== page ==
Death is a very controversial subject in role-playing games. A character's life and death can mean a lot to a player; some players will do whatever it takes to ensure their characters survive or somehow live on while others will take death with a grain of salt and move on from characters without second thoughts. This guide will hopefully bring some light to the intricacies of death among role-playing characters and the role-players facing such situations.


Death in reality is a way of life; we see it every day and usually try to avoid it. The same is usually true in role-play: death is a part of in-character life and role-players often have to face and accept it. However, many players feel attachment to their characters and believe the decision of when death should occur is a personal choice.

A character is a work of artistic value crafted by the mind and tools of a role-player. Players work hard on them and put a lot of effort, thought, and care into character development and design. To see them die can be hurtful, if not heart-breaking. Many players freely accept character death. However, a good number of other role-players approach it differently. Some of us go through leaps and bounds to keep our characters alive and continue their story further. What this guide is really about is where to draw the line when accepting death; it's important to know when and how to accept or avoid defeat.

A character commonly faces death through in-character murder, which can cause stress to a player because the character he has spent hours, days, or years growing and nurturing seems to have been just thrown away. However, a more optimistic view is that death completes the development of a character. Still, those who feel they aren't at a proper conclusion attempt to circumvent death in questionable ways to keep their characters alive, such as necromancy or unrealistically escaping a fatal wound or fight.

A good deal of controversy arises when players circumvent harm by playing unfairly or without realism, some prime examples being unsophisticated and generic actions like *dodges*, *parries*, or *rolls to the side* in combat. Note, some of these are completely legitimate and could be accepted in the right context, it all depends what characters are dodging and how they do so. Desperate players may beg out of character, argue a character's longevity, or perform objectionable acts to avoid danger like using a teleport, rage-quitting , going out of character in the middle of a conflict, or voiding a conflict without fair justification. These are only a few examples of how one may avoid death in an objectionable manner. Note, while it isn't part of a rule, it is common sense that you at least ensure that the player, who's character you are about to kill, has a right to accept their death.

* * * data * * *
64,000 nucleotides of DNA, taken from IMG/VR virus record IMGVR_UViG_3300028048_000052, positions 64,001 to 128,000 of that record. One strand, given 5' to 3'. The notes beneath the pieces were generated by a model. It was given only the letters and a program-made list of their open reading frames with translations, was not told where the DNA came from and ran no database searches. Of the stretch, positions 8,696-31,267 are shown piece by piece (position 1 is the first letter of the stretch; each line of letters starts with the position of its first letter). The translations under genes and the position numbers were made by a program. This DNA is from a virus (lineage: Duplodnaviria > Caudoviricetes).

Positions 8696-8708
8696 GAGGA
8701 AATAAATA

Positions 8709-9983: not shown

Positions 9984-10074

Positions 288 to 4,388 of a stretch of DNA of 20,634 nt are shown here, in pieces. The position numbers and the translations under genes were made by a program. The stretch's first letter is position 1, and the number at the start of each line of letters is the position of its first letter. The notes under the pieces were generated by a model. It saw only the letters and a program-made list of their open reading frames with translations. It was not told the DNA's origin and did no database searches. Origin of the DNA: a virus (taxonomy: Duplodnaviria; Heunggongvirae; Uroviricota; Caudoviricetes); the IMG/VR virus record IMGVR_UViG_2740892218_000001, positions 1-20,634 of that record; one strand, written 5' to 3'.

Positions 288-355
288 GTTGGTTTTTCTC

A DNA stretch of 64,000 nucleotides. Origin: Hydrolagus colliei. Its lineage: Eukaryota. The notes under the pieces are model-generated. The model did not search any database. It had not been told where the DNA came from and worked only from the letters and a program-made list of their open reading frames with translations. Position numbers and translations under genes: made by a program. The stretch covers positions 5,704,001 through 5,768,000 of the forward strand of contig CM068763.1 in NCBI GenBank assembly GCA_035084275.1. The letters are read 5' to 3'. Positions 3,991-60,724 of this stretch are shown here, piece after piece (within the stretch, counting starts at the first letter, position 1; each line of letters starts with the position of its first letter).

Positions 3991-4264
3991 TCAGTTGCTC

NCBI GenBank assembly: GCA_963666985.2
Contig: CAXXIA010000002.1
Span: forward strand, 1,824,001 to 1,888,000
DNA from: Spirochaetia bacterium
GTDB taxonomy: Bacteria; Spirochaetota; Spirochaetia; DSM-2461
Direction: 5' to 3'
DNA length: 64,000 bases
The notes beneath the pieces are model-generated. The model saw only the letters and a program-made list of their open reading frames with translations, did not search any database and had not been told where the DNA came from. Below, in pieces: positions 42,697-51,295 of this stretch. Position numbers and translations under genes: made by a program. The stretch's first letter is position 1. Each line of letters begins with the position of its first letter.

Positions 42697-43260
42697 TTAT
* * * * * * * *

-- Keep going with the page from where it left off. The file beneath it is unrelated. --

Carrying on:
Hopefully this guide will help players to better understand death in roleplay, when it is better to accept death than to evade it or vice versa, and what reactions to mortal danger are generally more accepted throughout the community. 

When Not to Accept Death

There are times when you should and shouldn't accept death in role-play. There are times when the death of a character is not fair or legitimate and the player can reasonably object to it with the support of other role-players.

Metagamed Conflicts

Out-of-character conflict is often mixed into events and relationships in-character. In a scenario where two players despise each other and one or both of those players choose to reflect their conflict through personal vendettas between role-playing characters, often a resulting death will be questionable. A death resulting from conflict between two players without any rationale for in-character conflict is almost never accepted, and is heavily frowned upon by role-players because it violates rules against metagaming. Sometime a player will create a character, or hire someone out of character to assassinate the character of the player they hate.

When two clashing players have two characters who also have a history of not getting along in-character. A death that results from genuine in-character hatred is almost always considered realistic and acceptable.

Bar Fights

When pub fights occur in-character, even if two players and their characters have just met, character lives are at risk because, one way or another, the two characters (or more) have been driven to blows. Assuming that nothing questionable aside from this stated scenario occurs, death can be an option.

When to Accept Death

Now that the types of deaths players shouldn't accept are out of the way, we can touch on the times when you should accept your character's death. Note, that the list below are those that makes sense from the aspect of how one dies, the actions of your character is the punishment they might get and that is listed below.

No escape

Sometime there will be a role-play where death might be an option and there will be times that you have to be careful on where you lead your character to. In some situation you might find yourself in a trap, fight, or area where there is little chances to escape. In this matter, you either find a way to survive, or are killed for a mistake.

There are cases where the host of the role-play will give you chances and hints on how to escape/survive. But in some cases, you could still die. If this ever happens, embrace it and understand it is only part of life for someone to die.